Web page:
It should surprise no one that Trump is a whiny asshole, nor should Coulter defending a whiny asshole be shocking either. But the rhetorical arguments she uses are worth dissecting, because it’s basically saying that you can’t have a racial critique of society in America without also letting people baselessly denigrate each other. Leave aside the fact that on its face, Coulter’s argument is either 1, the Loony Left are racist and so is Donald Trump, or 2, the Loony Left is correct about White Supremacy in America and Donald Trump is being railroaded by a Mexican. She doesn’t spend any time on that unmentioned conclusion because it’s embarrassing, and when you’re being paid to say provocative shit but you still have some ability to self-reflect you stop thinking once you hit your word quota for the day.

So, let’s take on the two points; 1, that there are meaningful racial critiques of justice and law to be made that aren’t racist, and 2, that Donald Trump is/is not full of shit (SPOILER: it’s the former).

  1. Judges are informed by their experiences. It’s why we don’t have federal judges with, say, no experience as a judge. That’s the easy call. The more interesting bit is that experience matters for all kinds of things, and that experience includes your ethnicity, your education, and generally what’s happened to you in life. There’s a reason why Plessy v Ferguson (that’s “separate but equal is okay”) was overturned: people’s experience between that ruling and later courts changed, and society decided that perhaps racial injustice is a thing that should be considered more deeply. Experience matters, and yes, you want diverse courts because there is no immaculate divine experience of the law that mortals channel into their rulings: courts made up of solely white educated liberals from the Northeast are not going to reflect the myriad experiences of life in America and that’s something you want to account for in your courts. There’s a reason you’re tried by a jury of your peers, and that experience of life is why. When an all-white jury is considered your peer group sometimes you can end up with statistically significant disparities in sentencing length and so that’s why appeals courts are a thing, and jury selection, and all that jazz.So, when someone (say a Supreme Court judge) thinks that having a different background is a good thing, she’s not professing the superiority of one outlook over another, she’s professing the utility of her own background in an arena that is largely white and male and lacking wider perspective.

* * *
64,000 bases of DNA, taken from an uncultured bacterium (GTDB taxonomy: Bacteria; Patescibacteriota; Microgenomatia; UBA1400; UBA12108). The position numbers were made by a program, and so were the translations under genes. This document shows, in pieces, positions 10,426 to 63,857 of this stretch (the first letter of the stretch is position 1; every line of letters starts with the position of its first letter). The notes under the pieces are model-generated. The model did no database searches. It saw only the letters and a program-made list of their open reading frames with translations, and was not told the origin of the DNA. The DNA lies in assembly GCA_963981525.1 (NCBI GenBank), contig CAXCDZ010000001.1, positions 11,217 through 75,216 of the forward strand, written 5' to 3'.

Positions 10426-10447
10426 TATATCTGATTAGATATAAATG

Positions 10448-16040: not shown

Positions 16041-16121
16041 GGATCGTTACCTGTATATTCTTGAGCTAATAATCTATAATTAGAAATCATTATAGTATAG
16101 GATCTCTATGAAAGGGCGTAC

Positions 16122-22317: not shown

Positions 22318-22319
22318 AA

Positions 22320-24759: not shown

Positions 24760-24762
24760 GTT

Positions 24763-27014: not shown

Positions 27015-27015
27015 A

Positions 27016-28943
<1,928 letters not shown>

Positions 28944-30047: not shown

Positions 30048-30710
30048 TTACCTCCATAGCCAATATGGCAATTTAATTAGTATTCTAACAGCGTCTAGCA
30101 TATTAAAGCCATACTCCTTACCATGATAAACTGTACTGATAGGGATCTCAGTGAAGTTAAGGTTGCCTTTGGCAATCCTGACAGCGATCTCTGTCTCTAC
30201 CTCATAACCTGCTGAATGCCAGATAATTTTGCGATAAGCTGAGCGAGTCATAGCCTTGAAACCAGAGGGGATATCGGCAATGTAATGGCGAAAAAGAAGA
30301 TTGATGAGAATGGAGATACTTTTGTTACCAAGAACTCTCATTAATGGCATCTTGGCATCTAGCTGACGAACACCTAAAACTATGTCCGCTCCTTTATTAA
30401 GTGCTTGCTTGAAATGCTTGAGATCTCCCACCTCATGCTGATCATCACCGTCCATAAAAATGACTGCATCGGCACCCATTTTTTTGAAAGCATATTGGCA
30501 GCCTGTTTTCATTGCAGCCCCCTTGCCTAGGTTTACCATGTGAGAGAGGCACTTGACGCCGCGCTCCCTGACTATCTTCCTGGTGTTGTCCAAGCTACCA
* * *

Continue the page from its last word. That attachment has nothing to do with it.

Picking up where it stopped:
2. It is entirely different when you say, “because this person is Mexican they can’t judge me”, which is essentially what Trump was saying and what Coulter is defending here. And that difference is pretty large, because what Judge Curiel actually did is pretty straight-forward and that point seems to be lost. There are actual, formal things you can do if a judge is screwing you and Trump can afford them… but he isn’t disputing any of that. He didn’t like a ruling that looks solid, and so because he can’t win in court he’s going to just make a slur out of it. This is not Trump standing up to a power-hungry judge out of control, this is Trump getting a ruling he didn’t like and doing two nasty and dysfunctional things: 1, blaming that person rather than himself, and 2, deciding that the best, clearest reason why this judge ruled against him was because he was a Mexican (even though he isn’t).You know, if a judge ruled against me with bias and hate in his eyes because, I don’t know, he thought me some kind of virulent Communist pervert, and the ruling doesn’t pass the smell test and I find out that this guy is a John Bircher teetotaler celibate, then I might have some room in there to make hay. But if the judge issues a ruling and all my pricey lawyers shrug and move on to the next phase of the trial because it turns out the ruling is sound, and THEN I say it’s because the guy is an Italian, then clearly I’m unhinged and a whiny asshole.

I hope that both people that read this find it useful and everyone in America can now get on with being adults and selecting a coherent conservative opponent for Hillary Clinton in the fall.

UPDATE NOTE: the term “la raza” probably deserves mention. It does mean race, but it’s use is generally for Mexican-Americans or mestizos. It’s distinct from Hispanics in general, which is considered kind of a stuffy term. It’s a ethnic and cultural identifier, but is a lot more specific in application than an actual race; it’s more specific, like Afro-Cuban, than just “black”.

You’d have to be kind of ignorant of Chicano culture to think that la Raza is meant to generally imply superior genetic stock.

Paul Ryan is a coward, Trump is Racist, and the GOP is lost

When you’d take a racist over Hillary, you’re pretty much a racist too.

Paul Ryan is pathetic and cowardly. You know, if you’re pushing paper for The Man and keeping your head down to make rent and put your kids through school, I can accept some degree of moral flexibility. But if you’re the Speaker of the House and you don’t stand for something more than “hey let’s not make waves here I’ve got a great office” then you’re straight up despicable.

This guy believes that a racist President is better than a neoliberal one. I’m guessing he thinks a racist DoJ is somehow made up for by lowered taxes (or something similar), and that’s fucking amazing. It explains everything awful about the current GOP, just in higher contrast: they just don’t care about minority rights, and it isn’t even an issue of “not seeing color” and being post racist, whatever that is. It’s now, starkly clear it’s because they just don’t care: they’ll literally accept an outright racist with a long history of racism, someone who really does see color and doesn’t like it. And they’ll embrace it because Hillary Clinton is… what?